I came across the following paper during my Masters coursework that addresses a practical issue in the use of the random forest model, and in general, any other bootstrap aggregating ensembles:
Probst, P. & Boulestix, A-L. (2018). To Tune or Not to Tune the Number of Trees in Random Forest. Journal of Machine Learning Research, 18(181), 1-18.
This is an interesting paper as it directly addresses a fundamental question on whether the number of base learners in a bagging ensemble should be tuned. In the case of random forest (RF), the number of trees T is often regarded as a hyperparameter, in the sense that either too high or too low of a value would yield sub-par model performance. Tuning of T is typically done by plotting the one or multiple chosen out-of-bag (OOB) metrics, such as the error rate, as a function of T:
In the case above, there are clear indications of convergence in T, and any further increase in T brings either marginal or zero improvements in model performance. However, that's not always the case, prompting the treatment of T as a model hyperparameter:
2. Objectives of paper
Based on this motivation, the authors move step by the step to give this issue a structured treatment along the following objectives:
|Quoted from abstract||Layman explanations|
|(i) Provide theoretical results showing that the expected error rate may be a non-monotonous function of T, and explaining under which circumstances this happens||Show that the error rate of RF may increase or decrease as T increases (non-monotonous), depending on a certain phenomenon that could be observed from the testing dataset.|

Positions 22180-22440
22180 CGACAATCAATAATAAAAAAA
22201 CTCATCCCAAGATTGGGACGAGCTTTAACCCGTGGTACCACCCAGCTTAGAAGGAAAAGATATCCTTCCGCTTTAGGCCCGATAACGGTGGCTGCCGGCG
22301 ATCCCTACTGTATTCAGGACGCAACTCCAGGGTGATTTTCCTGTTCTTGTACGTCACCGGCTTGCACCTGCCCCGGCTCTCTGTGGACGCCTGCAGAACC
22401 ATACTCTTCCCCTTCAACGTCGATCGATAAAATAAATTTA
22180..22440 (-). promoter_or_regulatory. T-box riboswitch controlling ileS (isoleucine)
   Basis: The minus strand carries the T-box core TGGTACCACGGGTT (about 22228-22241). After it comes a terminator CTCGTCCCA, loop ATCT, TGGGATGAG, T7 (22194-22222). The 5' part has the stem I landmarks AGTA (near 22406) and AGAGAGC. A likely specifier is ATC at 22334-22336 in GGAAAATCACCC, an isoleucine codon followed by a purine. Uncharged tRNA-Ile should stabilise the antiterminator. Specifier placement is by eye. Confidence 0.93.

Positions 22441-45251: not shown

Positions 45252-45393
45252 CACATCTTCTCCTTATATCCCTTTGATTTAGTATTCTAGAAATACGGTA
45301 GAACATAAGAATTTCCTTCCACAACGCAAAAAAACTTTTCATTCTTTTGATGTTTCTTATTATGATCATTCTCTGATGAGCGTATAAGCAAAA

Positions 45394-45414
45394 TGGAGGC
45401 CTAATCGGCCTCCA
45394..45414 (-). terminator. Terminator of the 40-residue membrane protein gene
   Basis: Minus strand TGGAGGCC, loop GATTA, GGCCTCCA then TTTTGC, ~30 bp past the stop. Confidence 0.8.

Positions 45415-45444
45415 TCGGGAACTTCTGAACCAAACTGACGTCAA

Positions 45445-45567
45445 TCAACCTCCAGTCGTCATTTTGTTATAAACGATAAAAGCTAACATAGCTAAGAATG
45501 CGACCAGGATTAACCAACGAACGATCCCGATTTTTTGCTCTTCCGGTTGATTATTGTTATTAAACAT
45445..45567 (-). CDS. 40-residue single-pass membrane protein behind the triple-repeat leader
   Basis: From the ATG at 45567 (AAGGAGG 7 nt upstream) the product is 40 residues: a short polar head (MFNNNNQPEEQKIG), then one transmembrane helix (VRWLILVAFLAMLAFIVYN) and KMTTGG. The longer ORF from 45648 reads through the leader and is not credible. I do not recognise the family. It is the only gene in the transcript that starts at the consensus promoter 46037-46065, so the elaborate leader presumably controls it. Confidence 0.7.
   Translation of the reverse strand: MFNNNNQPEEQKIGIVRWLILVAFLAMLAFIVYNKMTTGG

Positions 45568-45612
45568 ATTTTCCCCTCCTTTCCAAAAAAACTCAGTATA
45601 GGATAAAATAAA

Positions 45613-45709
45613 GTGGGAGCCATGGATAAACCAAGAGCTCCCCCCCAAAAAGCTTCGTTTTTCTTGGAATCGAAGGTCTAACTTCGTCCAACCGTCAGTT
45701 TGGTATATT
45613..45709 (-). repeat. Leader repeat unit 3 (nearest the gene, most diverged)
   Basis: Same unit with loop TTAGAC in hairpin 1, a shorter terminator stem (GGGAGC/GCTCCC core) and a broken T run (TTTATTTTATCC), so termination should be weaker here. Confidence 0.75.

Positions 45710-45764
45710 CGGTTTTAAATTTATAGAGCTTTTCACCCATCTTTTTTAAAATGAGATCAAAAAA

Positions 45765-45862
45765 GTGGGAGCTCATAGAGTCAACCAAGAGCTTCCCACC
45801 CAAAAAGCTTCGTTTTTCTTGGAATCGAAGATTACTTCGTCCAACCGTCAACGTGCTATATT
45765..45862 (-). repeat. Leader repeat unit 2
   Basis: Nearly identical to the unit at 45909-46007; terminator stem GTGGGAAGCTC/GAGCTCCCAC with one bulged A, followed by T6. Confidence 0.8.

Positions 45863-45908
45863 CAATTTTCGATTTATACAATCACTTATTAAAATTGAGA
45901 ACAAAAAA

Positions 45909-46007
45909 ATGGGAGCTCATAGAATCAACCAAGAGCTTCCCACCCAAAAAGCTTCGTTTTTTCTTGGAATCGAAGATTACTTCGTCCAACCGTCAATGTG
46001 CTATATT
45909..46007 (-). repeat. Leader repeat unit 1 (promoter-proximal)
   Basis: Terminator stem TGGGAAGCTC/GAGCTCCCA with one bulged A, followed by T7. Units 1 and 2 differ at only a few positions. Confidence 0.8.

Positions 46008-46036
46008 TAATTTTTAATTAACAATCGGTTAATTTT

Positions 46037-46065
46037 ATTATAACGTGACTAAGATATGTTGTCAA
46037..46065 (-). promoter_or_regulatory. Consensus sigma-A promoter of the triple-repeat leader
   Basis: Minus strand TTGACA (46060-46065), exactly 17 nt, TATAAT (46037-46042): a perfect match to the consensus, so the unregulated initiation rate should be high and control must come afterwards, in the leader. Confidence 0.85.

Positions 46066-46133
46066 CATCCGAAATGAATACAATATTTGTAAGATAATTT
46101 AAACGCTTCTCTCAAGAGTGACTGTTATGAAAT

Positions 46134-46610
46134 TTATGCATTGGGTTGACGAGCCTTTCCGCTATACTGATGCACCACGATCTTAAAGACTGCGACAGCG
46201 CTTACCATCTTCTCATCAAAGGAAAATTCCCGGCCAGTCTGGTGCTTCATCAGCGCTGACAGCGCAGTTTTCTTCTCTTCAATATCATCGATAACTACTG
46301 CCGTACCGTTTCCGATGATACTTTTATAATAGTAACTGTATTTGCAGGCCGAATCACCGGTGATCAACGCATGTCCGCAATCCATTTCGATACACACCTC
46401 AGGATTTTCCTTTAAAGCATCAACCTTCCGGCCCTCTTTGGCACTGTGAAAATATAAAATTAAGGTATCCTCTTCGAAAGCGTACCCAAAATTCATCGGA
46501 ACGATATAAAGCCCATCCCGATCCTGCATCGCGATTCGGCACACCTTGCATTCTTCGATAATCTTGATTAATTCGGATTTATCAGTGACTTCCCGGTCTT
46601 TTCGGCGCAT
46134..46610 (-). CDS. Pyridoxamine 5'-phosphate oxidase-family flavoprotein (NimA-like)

|(ii) Provide theoretical results showing that such non-monotonous patterns cannot be observed for other performance measures such as the Brier score and the log loss (for classification) and the MSE (for regression)||Show that such non-monotonicity cannot be observed for performance metrics such as the Brier score, log loss and MSE, even though it can be observed for the error rate - sorry for the double negative, take a moment to digest that before you get confused further.|
(It is also shown in the paper that the ROC-AUC follows such non-monotonicity.)
|(iii) Illustrate the extent of the problem through an application to a large number (306) datasets||Validate findings via empirical experimentations using public ML datasets|
|(iv) Argue in favor of setting T to a computationally feasible large number as long as classical error measures based on average loss are considered||Conclude that T should not be tuned, but set to a feasibly large number.|
3. Structure of paper
- Motivation and literature review
- Build up RF and various performance metrics for theoretical context
- Theoretical treatment (mainly binary classification, results for multiclass classification and regression are extrapolated and inferred)
- Empirical validation
- Conclusions and extensions
4. Five takeaways from the authors
Without boring you as the reader on the specifics of the theoretical and empirical treatments to the problem, here are the key takeaways from the authors (with my translations):